One of Ann Arbor’s oldest companies changed hands in December, when Caryl Arnet sold Arnet’s Inc. to Patten Monument Company of Comstock. Arnet’s great-grandfather Joseph Arnet started the monument business in 1904 on a large property on Jackson Ave., where headstones and memorials were hand carved out back. Her father, Larry, later expanded the business with the purchase of a number of crematories (both pet and human).
Now the pet crematories have been sold, and both the human crematories and the old Jackson property are up for sale. Caryl, in her new role as manager, has worked with Patten co-owner Andy Bolt to move the showroom to the former Ann Arbor Arms building just down the road.
Arnet’s Ypsilanti location will also be kept as a showroom and office, but the monuments themselves will now be made in Comstock.
Caryl Arnet says that as she approached her sixtieth birthday, she was worried about the future of the business. “Nobody in the family really had the desire or the particular talent in that area to take over,” she says. Her brother and sister have both suffered health issues that prevented them from taking more active roles, and her daughters, Angela and Melissa, have moved on to their own families and careers.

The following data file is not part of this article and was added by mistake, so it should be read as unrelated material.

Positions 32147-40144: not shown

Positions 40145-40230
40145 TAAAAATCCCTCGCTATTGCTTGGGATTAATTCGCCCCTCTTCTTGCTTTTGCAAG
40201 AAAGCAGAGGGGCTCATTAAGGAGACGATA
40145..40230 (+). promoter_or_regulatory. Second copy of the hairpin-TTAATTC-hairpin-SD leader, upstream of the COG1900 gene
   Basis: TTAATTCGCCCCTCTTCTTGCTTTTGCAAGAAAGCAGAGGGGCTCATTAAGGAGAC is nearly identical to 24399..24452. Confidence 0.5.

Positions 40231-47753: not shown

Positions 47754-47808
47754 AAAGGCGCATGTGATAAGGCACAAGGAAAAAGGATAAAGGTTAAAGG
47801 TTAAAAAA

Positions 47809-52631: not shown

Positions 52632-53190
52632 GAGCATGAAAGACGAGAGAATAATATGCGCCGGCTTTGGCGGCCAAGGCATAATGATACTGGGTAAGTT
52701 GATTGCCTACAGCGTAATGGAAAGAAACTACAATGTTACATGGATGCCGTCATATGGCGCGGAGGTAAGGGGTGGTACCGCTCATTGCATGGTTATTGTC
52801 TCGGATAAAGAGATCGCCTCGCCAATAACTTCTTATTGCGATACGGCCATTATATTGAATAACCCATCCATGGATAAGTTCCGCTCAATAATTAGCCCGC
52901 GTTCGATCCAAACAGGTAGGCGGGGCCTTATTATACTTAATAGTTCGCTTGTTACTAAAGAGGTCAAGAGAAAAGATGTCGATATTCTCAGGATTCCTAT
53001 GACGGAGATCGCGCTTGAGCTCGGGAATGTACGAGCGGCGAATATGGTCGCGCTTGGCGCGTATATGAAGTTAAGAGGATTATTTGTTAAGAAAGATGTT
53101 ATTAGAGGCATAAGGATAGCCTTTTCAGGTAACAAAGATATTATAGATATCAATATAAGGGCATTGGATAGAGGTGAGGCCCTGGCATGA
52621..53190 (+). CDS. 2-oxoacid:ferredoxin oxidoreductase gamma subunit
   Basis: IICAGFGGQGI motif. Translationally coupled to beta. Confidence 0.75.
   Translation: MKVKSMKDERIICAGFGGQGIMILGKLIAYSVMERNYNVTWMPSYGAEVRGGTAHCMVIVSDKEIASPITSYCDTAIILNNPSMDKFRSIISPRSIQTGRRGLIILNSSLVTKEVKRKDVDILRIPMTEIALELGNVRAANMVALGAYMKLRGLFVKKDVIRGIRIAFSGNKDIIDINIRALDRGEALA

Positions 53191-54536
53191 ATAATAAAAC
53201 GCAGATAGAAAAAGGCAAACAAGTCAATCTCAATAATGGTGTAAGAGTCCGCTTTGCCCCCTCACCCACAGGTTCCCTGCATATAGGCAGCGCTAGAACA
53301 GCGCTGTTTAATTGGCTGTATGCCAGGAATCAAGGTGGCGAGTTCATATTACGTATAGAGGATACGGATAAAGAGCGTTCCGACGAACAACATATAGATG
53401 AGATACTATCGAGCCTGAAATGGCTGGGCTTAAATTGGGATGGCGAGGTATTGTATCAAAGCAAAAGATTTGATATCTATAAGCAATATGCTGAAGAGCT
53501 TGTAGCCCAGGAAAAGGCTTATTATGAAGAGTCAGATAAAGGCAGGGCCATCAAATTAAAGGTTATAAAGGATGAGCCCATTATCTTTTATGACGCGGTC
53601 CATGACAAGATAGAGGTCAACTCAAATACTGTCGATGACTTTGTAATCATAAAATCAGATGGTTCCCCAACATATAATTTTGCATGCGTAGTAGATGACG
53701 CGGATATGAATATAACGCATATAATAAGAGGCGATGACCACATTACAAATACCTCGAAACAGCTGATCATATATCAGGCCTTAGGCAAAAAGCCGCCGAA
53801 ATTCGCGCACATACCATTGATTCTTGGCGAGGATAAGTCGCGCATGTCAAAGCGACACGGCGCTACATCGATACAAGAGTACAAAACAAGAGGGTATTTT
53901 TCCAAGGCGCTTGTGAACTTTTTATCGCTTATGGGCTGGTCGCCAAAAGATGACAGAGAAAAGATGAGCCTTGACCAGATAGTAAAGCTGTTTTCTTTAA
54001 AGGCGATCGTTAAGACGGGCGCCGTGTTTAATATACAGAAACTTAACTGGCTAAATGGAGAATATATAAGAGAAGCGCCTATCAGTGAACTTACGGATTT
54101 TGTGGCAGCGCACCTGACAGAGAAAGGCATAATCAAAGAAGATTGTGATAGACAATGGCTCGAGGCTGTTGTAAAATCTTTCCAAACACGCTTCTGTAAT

So Arnet began looking at selling but wanted to make sure she found the right buyer. “It was really important to me to keep the integrity of the company,” she says. She found that in Patten, another old Michigan establishment coming up on its 100th anniversary this year.
Arnet says growing up in the family business was both happy and stressful, “because everybody has such deep emotions about what they think is good for the company.” When her father passed away, he left Arnet’s to her, but she says that she always preferred the customer interactions to the business aspects. “I feel, on a personal level, a great relief to be able to get back to what I really enjoy doing, which was the selling … the managing all the time is a challenge, and a headache.”
Her mother has also passed away. “We’re not excluded from death,” she says wryly. But she’s found comfort from people she had earlier comforted: “My customers helped me so much during the time of the loss of my mom and my father having Alzheimer’s. They were so helpful in their knowledge about what to do during these situations, because they already have experience by the time they’ve come in to me.”
Arnet’s Inc., 5060 Jackson Rd. Ste. H, 665-3658. Mon.-Fri. 9 a.m.-5 p.m., Sat. by appointment. Closed Sun. arnetsmonuments.com